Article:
This article is part of a regular series of thought leadership pieces from some of the more influential ETF strategists in the money management industry. Today’s article features Ellie Lan, an analyst on the investment team at the New York-based automated investing service Betterment.
Exchange-traded funds have seen enormous growth in assets under management over the past two decades. And trading frequency has kept pace.
From July 2014 to July 2015, $18 trillion of ETF shares exchanged hands (to put things into perspective, the U.S. GDP stands around $17 trillion). Considering that the total net assets of ETFs as of year-end 2014 was around $2 trillion, the average turnover of shares in ETFs was more than eightfold.
ETFs provide a convenient and cost-effective way to gain exposure to both broad market indexes and specific sectors. However, some ETFs are more efficient than others. One of the most important ETF distinctions is the active versus passive ETF classification; passive ETFs track a market-weighted index, whereas active ETFs allow managers to deviate from the underlying benchmark with the goal of outperforming the index.
When Passive Is Not Passive
But even that classification gets more complicated; just because something is called a “passive ETF” does not necessarily mean it is best for an investor who subscribes to a passive investing philosophy.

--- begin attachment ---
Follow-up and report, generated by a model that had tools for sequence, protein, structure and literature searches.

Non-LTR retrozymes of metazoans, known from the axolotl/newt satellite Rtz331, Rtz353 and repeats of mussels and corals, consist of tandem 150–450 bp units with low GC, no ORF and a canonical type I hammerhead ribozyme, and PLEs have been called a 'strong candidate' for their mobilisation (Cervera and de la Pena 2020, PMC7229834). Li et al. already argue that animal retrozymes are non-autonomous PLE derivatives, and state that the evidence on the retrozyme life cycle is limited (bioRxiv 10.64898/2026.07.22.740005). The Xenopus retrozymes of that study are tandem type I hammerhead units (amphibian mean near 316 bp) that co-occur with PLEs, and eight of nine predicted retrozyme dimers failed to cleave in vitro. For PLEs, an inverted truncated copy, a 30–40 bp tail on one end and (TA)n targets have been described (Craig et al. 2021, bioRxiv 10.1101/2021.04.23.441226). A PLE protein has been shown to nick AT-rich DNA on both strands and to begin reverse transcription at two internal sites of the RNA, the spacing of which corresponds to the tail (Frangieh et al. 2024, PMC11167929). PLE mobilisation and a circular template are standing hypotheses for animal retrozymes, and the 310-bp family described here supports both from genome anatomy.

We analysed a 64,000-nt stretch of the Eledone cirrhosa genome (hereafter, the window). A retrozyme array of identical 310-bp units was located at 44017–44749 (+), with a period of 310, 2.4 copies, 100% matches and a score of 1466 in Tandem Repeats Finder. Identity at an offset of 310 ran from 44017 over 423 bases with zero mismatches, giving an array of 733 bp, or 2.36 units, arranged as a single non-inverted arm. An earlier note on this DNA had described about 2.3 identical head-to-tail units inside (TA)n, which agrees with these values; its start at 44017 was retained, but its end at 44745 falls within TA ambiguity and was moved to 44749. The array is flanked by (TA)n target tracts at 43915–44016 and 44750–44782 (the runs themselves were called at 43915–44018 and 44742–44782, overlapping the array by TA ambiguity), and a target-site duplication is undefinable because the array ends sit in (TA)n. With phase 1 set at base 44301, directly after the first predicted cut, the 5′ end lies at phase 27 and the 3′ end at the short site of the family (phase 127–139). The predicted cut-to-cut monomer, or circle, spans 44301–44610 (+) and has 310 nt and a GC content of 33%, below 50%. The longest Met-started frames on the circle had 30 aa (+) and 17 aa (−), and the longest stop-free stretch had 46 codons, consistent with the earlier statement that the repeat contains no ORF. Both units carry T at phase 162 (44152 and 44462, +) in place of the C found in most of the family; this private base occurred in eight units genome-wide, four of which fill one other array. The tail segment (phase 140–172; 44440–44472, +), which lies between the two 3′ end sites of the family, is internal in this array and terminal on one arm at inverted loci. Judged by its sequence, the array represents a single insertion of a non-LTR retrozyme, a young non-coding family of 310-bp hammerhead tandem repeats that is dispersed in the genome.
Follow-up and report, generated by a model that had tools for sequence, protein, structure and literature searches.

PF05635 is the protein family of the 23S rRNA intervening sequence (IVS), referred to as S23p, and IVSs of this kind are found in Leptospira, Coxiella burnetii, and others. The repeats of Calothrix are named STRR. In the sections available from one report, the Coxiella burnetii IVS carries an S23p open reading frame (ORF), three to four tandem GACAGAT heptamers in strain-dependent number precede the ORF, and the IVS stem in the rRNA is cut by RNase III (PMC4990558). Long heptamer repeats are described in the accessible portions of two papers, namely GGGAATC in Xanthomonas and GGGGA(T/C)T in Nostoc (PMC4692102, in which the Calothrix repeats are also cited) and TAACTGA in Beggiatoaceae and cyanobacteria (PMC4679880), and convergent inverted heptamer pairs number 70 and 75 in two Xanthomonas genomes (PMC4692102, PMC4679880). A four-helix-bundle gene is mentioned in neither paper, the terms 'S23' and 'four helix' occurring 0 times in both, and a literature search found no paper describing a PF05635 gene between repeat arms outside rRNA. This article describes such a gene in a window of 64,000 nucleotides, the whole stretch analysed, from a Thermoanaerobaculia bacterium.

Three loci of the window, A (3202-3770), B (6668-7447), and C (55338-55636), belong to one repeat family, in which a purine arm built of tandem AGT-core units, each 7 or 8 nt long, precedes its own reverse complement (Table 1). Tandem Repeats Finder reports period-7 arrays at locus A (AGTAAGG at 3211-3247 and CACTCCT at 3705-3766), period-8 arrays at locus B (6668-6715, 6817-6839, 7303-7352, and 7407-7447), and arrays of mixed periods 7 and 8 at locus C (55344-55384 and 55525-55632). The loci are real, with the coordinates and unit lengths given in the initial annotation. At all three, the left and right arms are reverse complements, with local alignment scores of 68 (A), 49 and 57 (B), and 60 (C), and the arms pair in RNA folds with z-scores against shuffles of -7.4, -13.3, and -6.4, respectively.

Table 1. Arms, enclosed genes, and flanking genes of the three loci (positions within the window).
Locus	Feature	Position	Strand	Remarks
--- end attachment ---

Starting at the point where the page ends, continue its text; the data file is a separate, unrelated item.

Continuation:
For example, some active managers use passively managed sector ETFs to make sector bets. Although sector index ETFs are themselves technically passive ETFs, they are typically used for active portfolio management.
Achieving a broad passive allocation using a set of highly concentrated ETFs is a common “wolf in sheep’s clothing” approach to asset management, also known as “fund stuffing.” Sector ETFs not only rack up more fees when it comes to expense ratio, internal fund turnover, and bid ask spread, but they also require more work when it comes to rebalancing.
Broad Vs. Concentrated
All ETFs sit on a spectrum in terms of coverage, or how many different assets they include. On one end are broad, market-capitalization-weighted ETFs that passively replicate an index with thousands of constituents. For example, the Vanguard Total Stock Market (VTI) ETF tracks the entire U.S. stock market.
On the other end of the spectrum are highly concentrated and focused ETFs that cover niche markets. One example is the Fidelity MSCI Consumer Staples (FSTA) ETF. FSTA specifically tracks the consumer discretionary sector.
Whereas VTI represents 100 percent of the investable companies in the U.S. equity market and has 3,886 stocks, FSTA has only 386 constituents, or about 10 percent of the stocks in Vanguard’s total market ETF. While FSTA may be classified as a “passively managed” ETF because it tracks an index, a sector ETF is rarely the ideal candidate for a passive broad market tracking portfolio.
Passive Tools For Active
An active investment manager may decide that rather than holding the inexpensive VTI, which doesn’t allow her to underweight or zero-out exposure to market slices she doesn’t like, she’ll build out a portfolio using sector ETFs. This allows her to tactically shift allocations based on her subjective views.
Of course, for sector ETFs to be chosen, they must make up for the additional costs incurred. For example, U.S. sector ETFs have a median expense ratio of 0.45 percent, about nine times the expense ratio of Vanguard’s total stock market ETF, VTI, which costs 0.05 percent.
So right off the bat, the portfolio manager starts with a guaranteed 40 basis point head wind.